I've seen screws screwed through the tire so that the heads are inside the tire and sharp ends pointing out of the knob.


In my opinion, installing studs without the special pneumatic tool would be an exercise in frustration and futility. Get the right tool or a professional with the right tool to do it. Otherwise, forget it.

As far durability goes, the tire compound is the primary limiting factor. The most common failure mode was the stud ripping out, along with the usual chunks of knobs tearing off. With or without studs, I usually trash a tire in about 300 miles. That is until the Dunlop 739AT Desert. Today my first 739AT at 300 miles still looks reasonably good. While I did not put the studs in the Dunlop 739AT Desert tire, if you are going to stud a tire I highly recommend using the Dunlop 739 AT Desert tire. I found them to be much tougher than most other tires (D739 std, D756, IRC MX05h) and offer good grip. Another option would be the Bridgestone ED78 as Dirt Bike claims they are the most durable desert tire on the market. However, I have not personally used this tire.

Good luck,

Eric in WA


I find this thread fascinating as I have never ridden a motorcycle in the snow & ice. I am now getting juiced to try it this winter. Is it a futile effort to try without studs? Would you ride on hardpacked snowcovered/icy roads (at slow speeds for short distances?)

Debarker, where did you get the Kold Kutters?

First... Angry Candy... How did you get such a funny name?

Kold Kutters are available from Interstate Oil... 800-369-0001... or I would imagine your local dealer might have them (if your weather gets cold enough to have a demand)... you will have to remove the tire and run some generic screws through to check length before you order... and center knobs can use diff lengths than edge knobs... you have to try'em all.

As far as "can you trail ride with no studs".. I will say that as a kid I used to do it a fair amount... BUT!.. I also cracked my head a few times... you are riding along getting confident and getting faster and you come to a low spot (everything is snow covered) forgetting the low spot was a puddle 5 days ago and is now sheet ice frozen to the bottom and covered with snow... and you are down before you can even think...CRACK!.. so after about 4 of those over a 3 year period you become a little more cautious... I would stud up.

.. Or those Bridgestone Gritty's sound good if they last as long as the Trelleborgs... or the car carbides installed for what.. $13 ?... if those last 2 years in an old set of knobs that has to be the best... if your state has people to install them.

The frozen lake thing is a blast with Kold Kutters... there is so much traction you wouldn't believe it... picture a dirtbike lowered 2 inches in the front only.. leaning over so far that you can't get your boot under the shift lever.. and you are not sliding.. you are roadracing... that's a lot of lean... in long corners you get a dis-orientation from g-forces pushing on you so hard... you have to look UP to look Down the coming straightaway in the corner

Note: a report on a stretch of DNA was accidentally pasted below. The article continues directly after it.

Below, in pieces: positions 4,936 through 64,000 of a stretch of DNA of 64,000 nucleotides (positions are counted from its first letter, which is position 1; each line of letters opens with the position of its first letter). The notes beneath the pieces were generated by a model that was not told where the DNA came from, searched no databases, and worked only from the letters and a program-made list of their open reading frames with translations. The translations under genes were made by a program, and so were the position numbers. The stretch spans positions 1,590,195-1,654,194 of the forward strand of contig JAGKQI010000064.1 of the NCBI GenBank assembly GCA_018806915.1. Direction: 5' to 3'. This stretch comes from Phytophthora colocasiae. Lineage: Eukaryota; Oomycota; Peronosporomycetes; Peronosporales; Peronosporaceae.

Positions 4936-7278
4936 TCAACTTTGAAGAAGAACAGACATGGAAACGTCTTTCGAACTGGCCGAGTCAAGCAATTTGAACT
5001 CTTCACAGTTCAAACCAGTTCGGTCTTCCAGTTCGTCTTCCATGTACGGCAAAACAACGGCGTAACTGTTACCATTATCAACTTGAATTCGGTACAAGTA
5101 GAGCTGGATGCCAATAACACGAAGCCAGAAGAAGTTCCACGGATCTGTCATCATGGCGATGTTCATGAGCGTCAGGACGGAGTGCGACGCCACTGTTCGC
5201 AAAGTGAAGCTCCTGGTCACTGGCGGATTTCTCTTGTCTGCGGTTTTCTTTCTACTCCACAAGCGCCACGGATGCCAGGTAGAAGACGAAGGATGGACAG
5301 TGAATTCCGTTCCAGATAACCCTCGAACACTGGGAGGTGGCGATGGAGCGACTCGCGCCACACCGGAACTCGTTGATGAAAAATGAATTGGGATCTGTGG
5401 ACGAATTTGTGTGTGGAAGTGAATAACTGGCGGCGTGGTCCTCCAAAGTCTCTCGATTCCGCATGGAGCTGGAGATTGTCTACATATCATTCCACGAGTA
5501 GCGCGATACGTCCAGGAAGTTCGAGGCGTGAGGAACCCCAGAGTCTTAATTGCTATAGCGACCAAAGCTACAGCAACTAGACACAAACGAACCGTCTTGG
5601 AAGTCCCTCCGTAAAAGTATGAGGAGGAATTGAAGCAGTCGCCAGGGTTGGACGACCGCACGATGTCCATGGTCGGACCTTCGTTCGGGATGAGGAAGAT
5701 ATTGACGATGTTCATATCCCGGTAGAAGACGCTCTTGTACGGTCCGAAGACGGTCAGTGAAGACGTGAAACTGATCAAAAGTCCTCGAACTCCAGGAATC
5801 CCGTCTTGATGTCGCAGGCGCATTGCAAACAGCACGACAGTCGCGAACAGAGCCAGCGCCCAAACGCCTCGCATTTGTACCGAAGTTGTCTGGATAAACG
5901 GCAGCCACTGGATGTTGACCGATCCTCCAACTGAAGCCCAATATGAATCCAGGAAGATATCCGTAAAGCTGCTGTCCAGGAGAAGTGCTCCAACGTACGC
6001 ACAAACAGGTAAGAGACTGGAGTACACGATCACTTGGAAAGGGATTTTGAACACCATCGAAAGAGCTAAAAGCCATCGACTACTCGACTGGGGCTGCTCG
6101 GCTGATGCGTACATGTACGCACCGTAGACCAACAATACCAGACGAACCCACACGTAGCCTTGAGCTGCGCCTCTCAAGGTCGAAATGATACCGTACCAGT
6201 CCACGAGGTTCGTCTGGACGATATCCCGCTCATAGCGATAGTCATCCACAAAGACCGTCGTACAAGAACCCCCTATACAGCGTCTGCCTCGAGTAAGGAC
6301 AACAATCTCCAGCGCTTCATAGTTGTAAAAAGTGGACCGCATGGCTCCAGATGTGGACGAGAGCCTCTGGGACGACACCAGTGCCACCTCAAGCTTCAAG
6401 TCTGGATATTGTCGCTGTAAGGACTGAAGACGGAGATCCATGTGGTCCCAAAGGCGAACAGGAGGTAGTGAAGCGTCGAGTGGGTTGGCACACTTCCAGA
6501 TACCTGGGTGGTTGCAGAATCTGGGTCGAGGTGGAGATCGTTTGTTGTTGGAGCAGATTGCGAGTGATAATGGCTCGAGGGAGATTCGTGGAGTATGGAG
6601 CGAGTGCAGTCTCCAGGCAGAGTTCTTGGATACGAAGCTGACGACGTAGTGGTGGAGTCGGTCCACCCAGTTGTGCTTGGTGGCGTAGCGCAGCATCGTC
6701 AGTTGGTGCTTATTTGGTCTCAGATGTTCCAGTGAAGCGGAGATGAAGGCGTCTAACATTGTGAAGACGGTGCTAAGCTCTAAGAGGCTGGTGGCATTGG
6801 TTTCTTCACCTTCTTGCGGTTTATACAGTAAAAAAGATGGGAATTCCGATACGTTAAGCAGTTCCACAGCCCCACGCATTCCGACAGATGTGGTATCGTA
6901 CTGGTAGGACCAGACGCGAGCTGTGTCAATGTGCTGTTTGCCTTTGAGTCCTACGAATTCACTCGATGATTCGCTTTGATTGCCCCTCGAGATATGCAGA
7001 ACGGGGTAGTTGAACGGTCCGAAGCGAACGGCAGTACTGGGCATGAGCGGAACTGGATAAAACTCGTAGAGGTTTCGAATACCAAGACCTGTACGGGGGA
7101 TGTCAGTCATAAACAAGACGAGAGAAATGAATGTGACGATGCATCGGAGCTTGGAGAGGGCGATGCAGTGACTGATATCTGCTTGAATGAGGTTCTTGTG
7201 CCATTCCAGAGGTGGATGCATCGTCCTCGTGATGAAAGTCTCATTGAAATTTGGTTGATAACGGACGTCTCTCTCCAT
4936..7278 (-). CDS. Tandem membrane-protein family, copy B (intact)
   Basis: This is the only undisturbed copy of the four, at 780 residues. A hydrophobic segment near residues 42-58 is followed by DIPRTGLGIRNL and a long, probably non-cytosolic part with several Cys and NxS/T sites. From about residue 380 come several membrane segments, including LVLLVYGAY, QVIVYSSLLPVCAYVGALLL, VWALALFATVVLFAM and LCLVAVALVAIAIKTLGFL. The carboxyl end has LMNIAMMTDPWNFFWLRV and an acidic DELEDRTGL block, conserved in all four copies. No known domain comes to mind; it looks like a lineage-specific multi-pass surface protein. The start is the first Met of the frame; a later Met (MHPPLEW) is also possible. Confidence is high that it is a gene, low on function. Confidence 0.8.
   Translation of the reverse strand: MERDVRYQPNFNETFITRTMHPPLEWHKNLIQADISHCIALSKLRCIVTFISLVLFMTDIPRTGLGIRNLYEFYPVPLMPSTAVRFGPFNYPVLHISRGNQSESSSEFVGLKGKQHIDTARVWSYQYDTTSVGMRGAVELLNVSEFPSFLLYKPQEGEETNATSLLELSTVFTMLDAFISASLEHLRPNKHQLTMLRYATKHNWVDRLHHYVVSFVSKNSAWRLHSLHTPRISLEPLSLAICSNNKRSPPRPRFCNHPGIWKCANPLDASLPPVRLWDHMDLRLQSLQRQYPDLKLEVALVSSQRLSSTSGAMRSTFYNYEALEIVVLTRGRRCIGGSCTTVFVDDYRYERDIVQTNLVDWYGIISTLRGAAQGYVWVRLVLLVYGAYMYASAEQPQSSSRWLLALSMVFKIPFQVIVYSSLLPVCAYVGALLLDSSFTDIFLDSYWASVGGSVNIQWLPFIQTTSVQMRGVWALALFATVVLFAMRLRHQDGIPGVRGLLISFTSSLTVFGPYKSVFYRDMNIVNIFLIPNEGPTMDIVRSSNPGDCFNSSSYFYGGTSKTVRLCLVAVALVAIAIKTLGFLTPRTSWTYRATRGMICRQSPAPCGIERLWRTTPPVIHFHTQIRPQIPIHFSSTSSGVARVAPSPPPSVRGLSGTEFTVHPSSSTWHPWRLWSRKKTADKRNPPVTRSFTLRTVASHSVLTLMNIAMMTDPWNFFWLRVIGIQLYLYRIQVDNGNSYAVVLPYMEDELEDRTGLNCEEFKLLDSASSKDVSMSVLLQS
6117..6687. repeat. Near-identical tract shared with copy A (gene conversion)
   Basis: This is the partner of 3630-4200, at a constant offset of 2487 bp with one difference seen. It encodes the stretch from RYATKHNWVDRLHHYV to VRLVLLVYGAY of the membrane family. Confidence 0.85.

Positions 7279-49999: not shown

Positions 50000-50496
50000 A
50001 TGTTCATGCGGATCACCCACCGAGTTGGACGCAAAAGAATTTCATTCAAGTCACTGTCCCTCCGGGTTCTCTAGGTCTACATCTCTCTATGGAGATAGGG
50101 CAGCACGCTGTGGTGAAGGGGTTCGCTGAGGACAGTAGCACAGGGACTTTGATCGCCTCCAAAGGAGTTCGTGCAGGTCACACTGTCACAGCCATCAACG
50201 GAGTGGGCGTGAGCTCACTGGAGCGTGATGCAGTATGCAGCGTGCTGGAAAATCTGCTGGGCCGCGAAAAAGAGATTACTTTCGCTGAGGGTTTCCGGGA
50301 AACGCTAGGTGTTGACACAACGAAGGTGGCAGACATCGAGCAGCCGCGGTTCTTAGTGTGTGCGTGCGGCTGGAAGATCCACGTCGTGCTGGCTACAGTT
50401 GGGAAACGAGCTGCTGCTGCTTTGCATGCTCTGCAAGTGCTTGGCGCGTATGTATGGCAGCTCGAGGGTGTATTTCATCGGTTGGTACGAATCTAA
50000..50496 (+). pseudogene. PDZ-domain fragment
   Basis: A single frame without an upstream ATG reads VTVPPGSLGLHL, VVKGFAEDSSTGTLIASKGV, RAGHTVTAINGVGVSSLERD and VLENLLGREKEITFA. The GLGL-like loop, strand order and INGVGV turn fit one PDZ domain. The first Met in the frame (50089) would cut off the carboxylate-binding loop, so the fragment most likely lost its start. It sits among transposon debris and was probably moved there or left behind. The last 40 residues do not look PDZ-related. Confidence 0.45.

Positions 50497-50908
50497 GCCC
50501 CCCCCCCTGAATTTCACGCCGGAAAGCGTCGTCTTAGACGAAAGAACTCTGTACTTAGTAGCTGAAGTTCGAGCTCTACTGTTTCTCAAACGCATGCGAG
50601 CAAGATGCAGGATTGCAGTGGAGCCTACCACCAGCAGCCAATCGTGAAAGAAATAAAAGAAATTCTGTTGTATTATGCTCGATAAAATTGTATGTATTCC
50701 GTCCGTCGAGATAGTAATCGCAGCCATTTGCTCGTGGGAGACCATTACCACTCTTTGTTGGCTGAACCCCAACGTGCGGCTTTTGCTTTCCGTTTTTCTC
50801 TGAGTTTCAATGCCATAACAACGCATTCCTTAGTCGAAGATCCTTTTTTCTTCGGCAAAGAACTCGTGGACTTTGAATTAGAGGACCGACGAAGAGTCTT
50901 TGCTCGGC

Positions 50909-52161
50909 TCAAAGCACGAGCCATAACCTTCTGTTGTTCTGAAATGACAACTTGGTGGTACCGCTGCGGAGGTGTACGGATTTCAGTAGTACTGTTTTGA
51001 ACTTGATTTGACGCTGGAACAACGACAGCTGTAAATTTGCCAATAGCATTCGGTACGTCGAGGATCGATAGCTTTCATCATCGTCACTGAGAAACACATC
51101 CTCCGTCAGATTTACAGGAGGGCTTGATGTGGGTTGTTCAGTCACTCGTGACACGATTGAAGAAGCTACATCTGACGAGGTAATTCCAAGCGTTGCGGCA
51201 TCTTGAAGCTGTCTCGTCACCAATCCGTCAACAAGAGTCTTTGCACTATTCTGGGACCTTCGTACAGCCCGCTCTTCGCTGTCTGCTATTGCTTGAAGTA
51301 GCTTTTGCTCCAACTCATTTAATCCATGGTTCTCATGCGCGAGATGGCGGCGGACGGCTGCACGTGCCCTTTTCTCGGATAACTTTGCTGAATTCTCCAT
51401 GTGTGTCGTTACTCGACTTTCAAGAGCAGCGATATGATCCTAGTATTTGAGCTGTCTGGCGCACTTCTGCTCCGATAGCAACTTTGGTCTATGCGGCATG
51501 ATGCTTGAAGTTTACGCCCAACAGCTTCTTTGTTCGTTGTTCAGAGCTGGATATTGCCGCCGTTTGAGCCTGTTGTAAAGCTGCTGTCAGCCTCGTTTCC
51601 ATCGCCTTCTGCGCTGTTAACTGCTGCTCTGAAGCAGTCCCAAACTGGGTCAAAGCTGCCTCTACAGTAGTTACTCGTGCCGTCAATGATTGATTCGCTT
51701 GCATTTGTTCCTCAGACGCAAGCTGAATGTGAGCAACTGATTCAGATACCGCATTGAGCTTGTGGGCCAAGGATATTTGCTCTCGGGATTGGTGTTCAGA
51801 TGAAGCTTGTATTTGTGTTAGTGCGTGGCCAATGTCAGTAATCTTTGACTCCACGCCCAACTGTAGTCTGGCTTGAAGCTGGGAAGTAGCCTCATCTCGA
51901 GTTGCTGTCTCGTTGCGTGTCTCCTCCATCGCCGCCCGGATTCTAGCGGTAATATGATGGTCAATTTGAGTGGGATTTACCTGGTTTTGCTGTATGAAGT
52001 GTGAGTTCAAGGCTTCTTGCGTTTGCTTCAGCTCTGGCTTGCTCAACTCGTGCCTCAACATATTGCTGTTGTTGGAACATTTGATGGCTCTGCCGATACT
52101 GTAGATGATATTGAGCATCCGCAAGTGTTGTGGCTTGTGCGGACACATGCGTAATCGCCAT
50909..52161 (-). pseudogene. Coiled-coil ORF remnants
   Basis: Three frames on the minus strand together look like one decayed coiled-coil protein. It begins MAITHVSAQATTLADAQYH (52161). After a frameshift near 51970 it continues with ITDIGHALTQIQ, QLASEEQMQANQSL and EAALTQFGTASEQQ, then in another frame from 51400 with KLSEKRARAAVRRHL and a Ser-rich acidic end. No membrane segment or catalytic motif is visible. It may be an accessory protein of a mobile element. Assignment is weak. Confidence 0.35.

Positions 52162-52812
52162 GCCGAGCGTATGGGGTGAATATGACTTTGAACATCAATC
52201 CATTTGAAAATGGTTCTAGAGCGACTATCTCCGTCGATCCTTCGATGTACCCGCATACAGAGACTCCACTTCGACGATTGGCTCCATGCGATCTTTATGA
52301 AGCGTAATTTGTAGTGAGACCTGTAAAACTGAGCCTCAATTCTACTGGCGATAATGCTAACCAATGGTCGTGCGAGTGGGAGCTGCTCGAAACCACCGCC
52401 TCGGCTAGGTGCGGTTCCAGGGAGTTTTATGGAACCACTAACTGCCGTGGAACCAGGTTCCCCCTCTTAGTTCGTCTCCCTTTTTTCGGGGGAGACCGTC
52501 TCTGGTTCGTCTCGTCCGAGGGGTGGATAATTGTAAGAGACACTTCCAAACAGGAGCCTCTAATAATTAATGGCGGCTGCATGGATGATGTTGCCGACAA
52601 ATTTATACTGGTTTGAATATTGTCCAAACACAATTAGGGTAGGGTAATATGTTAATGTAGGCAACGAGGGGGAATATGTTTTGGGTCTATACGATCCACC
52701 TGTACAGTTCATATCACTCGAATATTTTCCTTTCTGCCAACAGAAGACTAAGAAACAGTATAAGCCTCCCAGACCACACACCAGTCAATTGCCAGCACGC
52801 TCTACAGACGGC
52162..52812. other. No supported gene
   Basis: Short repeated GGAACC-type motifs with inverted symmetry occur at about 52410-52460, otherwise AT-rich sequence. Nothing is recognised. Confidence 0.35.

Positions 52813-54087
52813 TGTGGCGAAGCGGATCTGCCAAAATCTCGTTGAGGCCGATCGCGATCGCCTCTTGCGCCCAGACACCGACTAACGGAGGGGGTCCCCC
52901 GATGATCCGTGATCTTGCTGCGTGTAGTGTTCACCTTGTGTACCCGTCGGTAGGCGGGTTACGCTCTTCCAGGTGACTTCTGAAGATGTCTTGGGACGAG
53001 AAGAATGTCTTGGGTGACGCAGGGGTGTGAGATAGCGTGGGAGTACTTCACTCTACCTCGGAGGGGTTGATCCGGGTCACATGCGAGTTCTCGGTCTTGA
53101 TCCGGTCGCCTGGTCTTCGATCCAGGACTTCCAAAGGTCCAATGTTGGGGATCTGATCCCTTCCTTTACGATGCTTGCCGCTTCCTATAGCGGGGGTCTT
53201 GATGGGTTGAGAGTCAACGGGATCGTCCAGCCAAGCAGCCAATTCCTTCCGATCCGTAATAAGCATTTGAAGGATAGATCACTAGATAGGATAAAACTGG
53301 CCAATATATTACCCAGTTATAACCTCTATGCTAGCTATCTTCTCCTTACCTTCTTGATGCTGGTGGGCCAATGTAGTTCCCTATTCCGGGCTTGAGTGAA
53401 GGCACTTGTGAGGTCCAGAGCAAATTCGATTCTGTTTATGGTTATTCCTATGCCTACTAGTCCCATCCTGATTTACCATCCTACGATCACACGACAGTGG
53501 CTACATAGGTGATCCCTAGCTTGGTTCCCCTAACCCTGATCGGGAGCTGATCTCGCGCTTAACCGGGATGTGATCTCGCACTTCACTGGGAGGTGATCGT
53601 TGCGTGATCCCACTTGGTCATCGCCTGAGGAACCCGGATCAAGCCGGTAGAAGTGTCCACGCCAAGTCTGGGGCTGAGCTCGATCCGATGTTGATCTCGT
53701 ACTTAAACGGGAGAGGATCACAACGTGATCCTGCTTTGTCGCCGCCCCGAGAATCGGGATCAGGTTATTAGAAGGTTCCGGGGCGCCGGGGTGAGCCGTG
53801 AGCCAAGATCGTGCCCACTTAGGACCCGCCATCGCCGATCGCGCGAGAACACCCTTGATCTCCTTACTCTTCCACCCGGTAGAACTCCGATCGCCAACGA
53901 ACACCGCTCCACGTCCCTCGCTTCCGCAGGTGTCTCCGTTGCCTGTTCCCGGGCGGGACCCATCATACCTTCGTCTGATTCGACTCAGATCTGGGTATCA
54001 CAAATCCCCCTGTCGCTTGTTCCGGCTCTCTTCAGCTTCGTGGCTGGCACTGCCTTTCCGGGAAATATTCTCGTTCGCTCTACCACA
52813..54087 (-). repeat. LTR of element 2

One of the nice things about it is that everything is white and clean... your bike doesn't get filthy every week (and I'm not a "cleaner" so my bikes are usually dirty)..

But the sport may have progressed to the point of taking some of the fun out of it because there is so much traction that big HP is quite useable... and speeds are fast... 280 pound bikes going over 80mph can get a little intense.. the costs are high now too... a complete set of Pro done ice tires is about $500.. and only last 1 year on a big bore.

One of the other good things about it is that everybody else is in the doldrums of winter hating it (some do) and I am in an intense 7 week period of high octane fun... and when that is over... the snow and ice start melting and spring is coming!

As far as the Kold Kutters for trail riding I know that pavement will dull them fast.. but I also know people who just use a set of knobs that they are going to toss anyway and avoid the pavement and replace the 20 or screws they lose each week and think they work great.


I would not recomend riding withought studs in the winter. I did it on my mountain bike when living in m

Maine, and was put down pretty hard by some unsuspecting ice. If it hurts on a mountain bike.........

If you are planning on buying Trellborgs you should do it soon. They have either quit making studded tires or have completely gone out of business. My local shop was talking about it, but I really didnt care so I didn't pay much attention.


npuza, you are right, Trelleborg have closed down their motorcycle tire construction. There are still studded Trelleborgs avaliable, though. I also heard a reputation that anoter manufacturer have taken over Trelleborgs studded tires. Don't know if this is true.

Does anyone know if these Kold Kutters are avaliable in Europe?


WR400F '99

CBR600F '98